In practice, the CPU/RAM/SSD does not make a measurable difference unless you are running benchmarks that load the CPU/GPU perfectly. In actual use - having more RAM allows many programs to be in memory, so spending your money there might make more sense if you have many programs running at once or do Photoshop/Aperture photo editing of large images.

There are no bad choices in the current Air line - all are ridiculously fast compared to the Pro Macs from a generation back. Heck, my 2011 Air still is fast and responsive even next to the new retina MacBook Pro which has seriously more RAM and CPU/GPU. Yes the new IPS retina display is gorgeous even not considering the resolution, but the 11 inch Air's display is way better than most of remaining line up if you are looking for contrast or color fidelity and doing a lot of code work.


This is how I think you should consider it:

  • The extra .2 GHz (200,000,000) clock cycles that your CPU will perform every second are only actually useful if they are needed, otherwise they are running idle. You won't notice a difference until the 2 GHz processor starts cranking at about 90%, which would otherwise be the limit of the "slower" 1.8 GHz model.

Percentage wise, the CPU is only an 11% boost noticeable only at very high usages

  • The RAM upgrade, is an extra 4 GB, which will be useful most of the time, especially running VMs, which consume vast amounts of memory. This extra memory will be noticed much more, since it's effect kicks in beyond 50% usage, unlike the 90% CPU usage needed for the CPU upgrade to become advantageous,

Percentage wise, the RAM is a 100% boost noticeable at mid range usage and up.


In my experience, I just have the new macbook pro with 8G memory. And I am very happy with it for the development. I am mainly using eclipse, database, listen music and safari for my work and lots of other text editor. And I sometimes checked the memory usage and it seldom has the pageout. So I think you should just upgrade your memory from 4GB to 8GB and that would make you happy.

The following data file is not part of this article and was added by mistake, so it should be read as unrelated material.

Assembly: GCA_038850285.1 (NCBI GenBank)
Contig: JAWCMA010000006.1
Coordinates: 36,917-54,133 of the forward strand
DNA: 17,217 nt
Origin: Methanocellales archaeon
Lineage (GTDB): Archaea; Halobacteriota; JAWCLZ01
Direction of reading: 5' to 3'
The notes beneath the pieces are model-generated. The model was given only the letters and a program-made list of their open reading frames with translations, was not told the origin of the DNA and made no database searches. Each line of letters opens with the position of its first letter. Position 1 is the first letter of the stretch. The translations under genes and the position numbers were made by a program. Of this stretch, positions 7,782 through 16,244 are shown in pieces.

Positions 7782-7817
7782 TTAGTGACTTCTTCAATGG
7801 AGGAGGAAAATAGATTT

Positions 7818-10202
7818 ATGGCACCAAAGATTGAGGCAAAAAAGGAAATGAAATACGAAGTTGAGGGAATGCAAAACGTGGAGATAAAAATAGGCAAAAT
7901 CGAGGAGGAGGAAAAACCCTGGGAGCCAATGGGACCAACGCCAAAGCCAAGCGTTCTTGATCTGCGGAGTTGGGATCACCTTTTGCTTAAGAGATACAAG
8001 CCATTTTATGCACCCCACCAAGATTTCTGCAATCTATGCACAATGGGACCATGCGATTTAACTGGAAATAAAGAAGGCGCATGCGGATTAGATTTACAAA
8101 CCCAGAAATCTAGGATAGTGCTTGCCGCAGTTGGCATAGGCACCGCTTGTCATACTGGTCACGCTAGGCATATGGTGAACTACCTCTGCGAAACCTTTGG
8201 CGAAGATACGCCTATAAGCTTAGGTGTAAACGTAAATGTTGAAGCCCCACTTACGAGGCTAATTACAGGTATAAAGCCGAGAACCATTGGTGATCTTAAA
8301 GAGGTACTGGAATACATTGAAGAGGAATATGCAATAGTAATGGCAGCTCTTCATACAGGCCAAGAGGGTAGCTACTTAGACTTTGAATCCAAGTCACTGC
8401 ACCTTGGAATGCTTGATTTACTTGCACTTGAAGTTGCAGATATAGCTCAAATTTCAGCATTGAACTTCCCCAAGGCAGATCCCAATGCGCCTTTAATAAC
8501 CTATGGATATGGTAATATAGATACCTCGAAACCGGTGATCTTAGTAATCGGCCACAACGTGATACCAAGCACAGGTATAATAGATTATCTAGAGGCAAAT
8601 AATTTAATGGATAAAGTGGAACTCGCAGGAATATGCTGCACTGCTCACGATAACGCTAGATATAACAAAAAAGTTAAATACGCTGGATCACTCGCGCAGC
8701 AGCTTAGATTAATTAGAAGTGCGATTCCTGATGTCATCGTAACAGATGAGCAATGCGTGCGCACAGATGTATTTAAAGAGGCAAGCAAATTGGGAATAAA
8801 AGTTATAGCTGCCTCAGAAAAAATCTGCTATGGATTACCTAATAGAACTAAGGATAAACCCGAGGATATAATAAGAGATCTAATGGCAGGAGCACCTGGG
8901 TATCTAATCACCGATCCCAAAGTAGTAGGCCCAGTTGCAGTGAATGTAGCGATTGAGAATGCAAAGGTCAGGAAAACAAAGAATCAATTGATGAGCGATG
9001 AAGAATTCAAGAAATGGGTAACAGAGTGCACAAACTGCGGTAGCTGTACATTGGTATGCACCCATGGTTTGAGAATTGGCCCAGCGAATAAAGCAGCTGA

• Yes, SSD is built in for Macbook AIR. Jun 30 '12 at 4:50

This might sound counter productive, but given the non-upgradable nature of the MacBook Air hardware, I would very strongly suggest you save up for a wicked machine that will be future proof. I hope you don't end up in a situation where you regret not spending the extra buck now, but suffer from lower specced hardware for the entire useful life of the MBA.

In my case, I saved 3 years (as a teen) to buy a >$2,000 MacBook, and I'm still using it today, 4 years later, with quite solid hardware.

  • The way I look at it is I buy what I think I'll need for 12 months. Macs hold their resale value so well, I can always resell my Mac anywhere from 6 months to 20 months after buying it depending on how fast advances progress. Buying less expensive but more often seems to work very well for most people that don't mind finding a buyer and helping them get started.
    – bmike
    Jun 30 '12 at 22:33
  • Solid idea, but still seems suboptimal, just for opening the box boom 10% value gone lol
    – Alexander
    Jun 30 '12 at 23:02

I see no reason to buy RAM from Apple. After that, decide on the processor you need and get the right model. If you see you are getting many page outs get some memory from Amazon for few bucks.

I can't tell much about the memory temps. I would guess with more memory you get less/no page outs which would probably make it cooler as it will work less but doubt its going to affect overall temps.

CPU temps depends on model and use you got to look that up if its important.

  • 3
    The OP's talking about the MacBook Air: you cannot upgrade anything, even the RAM, later.
    – Cajunluke
    Jun 29 '12 at 15:53
  • Ah thats selfish lol 100$ for 8gb. anyway
    – latusaki
    Jun 29 '12 at 16:01
  • 1
    It's not "selfish" of Apple, it's what keeps the Air so thin. Also, last time I bought RAM, an 8 GB stick of laptop memory was ~$130, so this is actually a bargain, comparatively.
    – Cajunluke
    Jun 29 '12 at 16:10
  • 1
    This answer is misleading - you cannot change RAM on an Air without also exchanging the CPU/GPU/logic board.
    – bmike
    Jun 29 '12 at 16:36
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    No - Moderator wise, we try to be open to all points of view and depend on votes and comments to explain how one might disagree with the factual correctness or incorrectness. Luckly anyone can edit things if needed. I was tempted to edit out the second half about not knowing the answer that was asked so this borders on not an answer of the question asked, but I wanted to be moderate in getting rid of it entirely at this point.
    – bmike
    Jun 29 '12 at 16:54